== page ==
The similarity of codebooks measured in such a way represents the similarity of speakers. The ratio of distortions is a scalar magnitude; as a directionless quantity it thus gives no indication as to which of two given codebooks would yield the smaller distortion when encoding the training data for a third, for example. As a similarity measure it provides an estimate of how "close" the regions of cepstral space occupied by the two codebooks are, but it does not indicate their relative positions. Scalar measures are thus of only limited use in diagnosing problems with a given cohort or in choosing cohort members for a given client.
A simple vector measure considers the relative differences between codebook centroids (formed from the average of all vectors in a codebook). While pairs of speaker models which give relatively small errors in encoding each other's training data will have similar distributions of codewords in cepstral space, with pairs of similar codebooks there may still be considerable interspersion of codewords. The question arises as to whether any differences (in magnitude and direction) between the centroids of such codebooks are meaningful in the statistical sense. Given the inhomogeneity and complexity of the codeword distributions in cepstral space, simple statistical characterisations (based on variances of these distributions) are not appropriate for answering this question. An alternative method associates the codewords in one book with neighbours in the other (eg. on the basis of closest Euclidean distance, as used in the following) and then analyses the distributional properties of the resulting set of 128 difference vectors, to see if they cluster in particular directions. A method for analysing these properties is next described.
A method to test the statistical significance of vectorial relationships between codebooks is now developed. The analysis of the difference vectors comprises the following steps:
(i) determine a mean directional component;
(ii) test the statistical significance of this component; and
(iii) subtract the mean from all vectors before analysing the residuals with Principal Components Analysis (PCA).
The mean vector between codeword pairs can simply be shown to be equal to the vector between the corresponding codebook centroids. PCA is used to check to what extent directional variability between codeword pairs is concentrated in a few directions.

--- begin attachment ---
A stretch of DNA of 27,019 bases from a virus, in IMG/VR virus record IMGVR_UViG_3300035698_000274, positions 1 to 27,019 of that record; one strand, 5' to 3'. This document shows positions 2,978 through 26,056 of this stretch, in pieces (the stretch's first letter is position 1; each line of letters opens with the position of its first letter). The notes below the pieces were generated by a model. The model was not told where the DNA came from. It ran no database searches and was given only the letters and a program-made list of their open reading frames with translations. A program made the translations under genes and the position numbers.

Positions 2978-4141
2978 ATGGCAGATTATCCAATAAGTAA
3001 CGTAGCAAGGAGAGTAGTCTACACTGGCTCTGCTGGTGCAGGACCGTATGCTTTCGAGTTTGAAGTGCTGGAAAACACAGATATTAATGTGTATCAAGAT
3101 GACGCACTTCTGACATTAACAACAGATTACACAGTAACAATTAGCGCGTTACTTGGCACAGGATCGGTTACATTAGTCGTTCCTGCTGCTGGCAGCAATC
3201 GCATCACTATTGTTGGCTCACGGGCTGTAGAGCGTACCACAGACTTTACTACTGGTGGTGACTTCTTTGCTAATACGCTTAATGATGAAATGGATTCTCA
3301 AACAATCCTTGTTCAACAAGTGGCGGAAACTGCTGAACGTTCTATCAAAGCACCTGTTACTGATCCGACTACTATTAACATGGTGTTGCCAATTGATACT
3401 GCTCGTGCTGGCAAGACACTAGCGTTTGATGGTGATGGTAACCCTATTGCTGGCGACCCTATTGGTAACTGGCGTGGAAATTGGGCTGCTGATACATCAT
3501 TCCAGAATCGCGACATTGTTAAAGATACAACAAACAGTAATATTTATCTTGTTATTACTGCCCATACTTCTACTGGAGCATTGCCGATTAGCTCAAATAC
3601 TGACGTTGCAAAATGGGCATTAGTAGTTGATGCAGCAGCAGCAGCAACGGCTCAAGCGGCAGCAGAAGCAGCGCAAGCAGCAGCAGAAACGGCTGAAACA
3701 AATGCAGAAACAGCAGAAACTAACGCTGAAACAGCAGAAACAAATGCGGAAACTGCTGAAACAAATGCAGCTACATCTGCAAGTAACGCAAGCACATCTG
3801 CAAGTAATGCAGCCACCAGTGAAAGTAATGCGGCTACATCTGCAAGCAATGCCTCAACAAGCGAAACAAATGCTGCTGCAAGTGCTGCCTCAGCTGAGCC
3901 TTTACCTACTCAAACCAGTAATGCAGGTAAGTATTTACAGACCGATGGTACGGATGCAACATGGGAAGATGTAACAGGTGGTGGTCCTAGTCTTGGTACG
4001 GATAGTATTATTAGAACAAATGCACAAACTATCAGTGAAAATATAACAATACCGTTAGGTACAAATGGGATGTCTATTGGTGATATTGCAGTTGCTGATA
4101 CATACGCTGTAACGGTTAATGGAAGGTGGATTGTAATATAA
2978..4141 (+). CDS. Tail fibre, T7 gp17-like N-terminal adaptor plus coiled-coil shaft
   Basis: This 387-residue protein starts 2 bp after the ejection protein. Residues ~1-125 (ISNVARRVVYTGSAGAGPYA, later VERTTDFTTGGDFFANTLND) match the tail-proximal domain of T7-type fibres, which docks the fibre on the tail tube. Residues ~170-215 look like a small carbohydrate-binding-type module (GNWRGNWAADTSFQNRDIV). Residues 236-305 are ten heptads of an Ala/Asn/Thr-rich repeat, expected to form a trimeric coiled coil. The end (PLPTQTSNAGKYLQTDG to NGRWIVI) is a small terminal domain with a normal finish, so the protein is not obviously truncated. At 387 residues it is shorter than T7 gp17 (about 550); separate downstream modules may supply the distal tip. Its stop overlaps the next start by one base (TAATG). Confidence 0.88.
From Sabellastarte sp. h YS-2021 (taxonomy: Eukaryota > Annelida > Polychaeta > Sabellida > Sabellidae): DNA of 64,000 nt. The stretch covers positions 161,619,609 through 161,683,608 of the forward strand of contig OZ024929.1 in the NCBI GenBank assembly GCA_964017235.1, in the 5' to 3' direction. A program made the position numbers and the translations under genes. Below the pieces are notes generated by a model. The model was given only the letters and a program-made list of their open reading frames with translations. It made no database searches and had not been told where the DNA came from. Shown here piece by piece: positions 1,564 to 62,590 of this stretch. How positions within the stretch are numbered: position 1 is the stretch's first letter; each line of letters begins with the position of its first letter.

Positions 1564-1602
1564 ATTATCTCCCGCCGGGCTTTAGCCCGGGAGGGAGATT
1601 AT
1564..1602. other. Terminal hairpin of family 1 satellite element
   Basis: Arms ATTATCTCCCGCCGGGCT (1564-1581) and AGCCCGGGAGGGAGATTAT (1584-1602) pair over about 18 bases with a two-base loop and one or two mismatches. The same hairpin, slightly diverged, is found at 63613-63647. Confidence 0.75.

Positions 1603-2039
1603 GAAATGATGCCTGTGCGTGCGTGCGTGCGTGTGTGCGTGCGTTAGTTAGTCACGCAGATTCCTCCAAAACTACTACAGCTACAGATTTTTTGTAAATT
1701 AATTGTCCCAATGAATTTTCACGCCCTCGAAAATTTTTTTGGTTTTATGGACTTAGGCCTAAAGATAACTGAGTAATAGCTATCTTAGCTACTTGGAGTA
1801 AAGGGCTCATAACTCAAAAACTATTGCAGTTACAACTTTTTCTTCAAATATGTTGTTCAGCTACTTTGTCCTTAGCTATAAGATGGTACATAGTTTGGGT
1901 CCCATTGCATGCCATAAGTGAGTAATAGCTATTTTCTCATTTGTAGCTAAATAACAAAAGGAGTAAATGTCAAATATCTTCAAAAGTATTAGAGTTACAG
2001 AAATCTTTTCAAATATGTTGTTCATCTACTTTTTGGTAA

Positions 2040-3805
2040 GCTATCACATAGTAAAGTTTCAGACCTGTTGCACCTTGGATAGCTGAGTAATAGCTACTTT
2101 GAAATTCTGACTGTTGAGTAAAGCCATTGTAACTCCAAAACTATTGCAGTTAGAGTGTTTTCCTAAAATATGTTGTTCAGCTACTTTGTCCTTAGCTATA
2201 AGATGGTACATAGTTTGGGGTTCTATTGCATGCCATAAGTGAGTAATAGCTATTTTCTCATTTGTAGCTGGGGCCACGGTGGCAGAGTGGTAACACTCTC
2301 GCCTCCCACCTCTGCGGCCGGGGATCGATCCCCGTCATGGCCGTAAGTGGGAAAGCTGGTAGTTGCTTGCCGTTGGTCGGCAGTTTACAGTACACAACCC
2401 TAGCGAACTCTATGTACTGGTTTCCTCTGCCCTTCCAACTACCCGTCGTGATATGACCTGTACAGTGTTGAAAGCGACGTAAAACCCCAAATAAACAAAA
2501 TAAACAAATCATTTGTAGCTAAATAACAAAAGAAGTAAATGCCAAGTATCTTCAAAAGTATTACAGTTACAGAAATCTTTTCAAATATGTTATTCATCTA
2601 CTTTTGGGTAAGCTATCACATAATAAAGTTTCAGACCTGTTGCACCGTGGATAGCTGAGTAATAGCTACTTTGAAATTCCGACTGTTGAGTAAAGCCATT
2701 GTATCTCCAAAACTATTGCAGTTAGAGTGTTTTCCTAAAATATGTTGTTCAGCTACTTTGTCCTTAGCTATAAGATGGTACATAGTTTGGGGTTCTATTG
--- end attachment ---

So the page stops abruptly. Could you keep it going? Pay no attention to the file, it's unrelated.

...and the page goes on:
Distributions of difference vectors with relatively similar and dissimilar pairs of codebooks have been analyses in accordance with the principles of this invention (with similarity being assessed in terms of average distortion), using Hotelling's T2 statistic to test the hypothesis that the mean vector of the difference vectors was non-zero. For all pairs of codebooks examined, the hypothesis was confirmed (p<0.0001) showing that the difference vectors tend to point in a consistent direction. As a result of the low intrinsic dimensionality of the cepstral distributions of vocalic speech (Hawkins, Macleod and Millar, 1994), a significant proportion of the codewords will tend to cluster on hypersurfaces of lower dimensionality. If, however, there was substantial interspersion of the codeword distributions in the codebooks being compared, the difference vectors would have a less consistent orientation. The results of the analysis performed in this embodiment of the invention show that the degree of interspersion is limited, thus indicating that distributions of codewords from similar codebooks have similar shapes and that the concept of relative displacements between codebook pairs has statistical validity. After subtracting the mean vector from each difference vector, analysis of the residuals with PCA revealed one distinct non-noise directional component with dissimilar pairs of codebooks and two orthogonal components with similar codebook pairs (one component being somewhat larger than the other). This is shown in FIG. 1 which illustrates analysis of residuals with similar and dissimilar codebooks.
The presence of non-noise Principal Components in the residuals, after the mean vector is subtracted, means that there are further systematic variations in the relationships between pairs of codeword distributions in addition to the mean displacement. Two codebooks with similar centroids may thus give large distortions when encoding each other's training data (eg. if one codebook had a greater span in certain directions than the other).
An estimate of progress towards explaining the total relationship between two codebooks is obtainable by computing the length of the (vector) sum of the difference vectors and comparing this to the sum of the scalar lengths of the individual vectors. If all difference vectors point in the same direction, these two lengths will be the same. If the difference vectors are randomly oriented, the summed vector length will be only a small fraction of the scalar sum of lengths. On examining the codebooks of potential cohort members in relation to given client codebooks, it was found that this length ratio varied from about 25% to 40%, a much larger than expected length for the sum of random vectors. In addition to supporting the statistical finding that the difference between codebook centroids is real, this result means that a large enough component of the total relationship is captured that clear benefits should follow from taking relative codebook positions into account when constructing cohorts.
The above provides statistical justification for using relative centroid positions to consider the extent to which the members of a cohort "enclose" a client or leave "gaps" in the coverage, given possible interspersion of the codeword distributions of similar speakers. The minimum distortion among the cohort models and the mean distortion across cohort models have both been proposed for use in the client/cohort comparison. The following tests are based on use of the min statistic.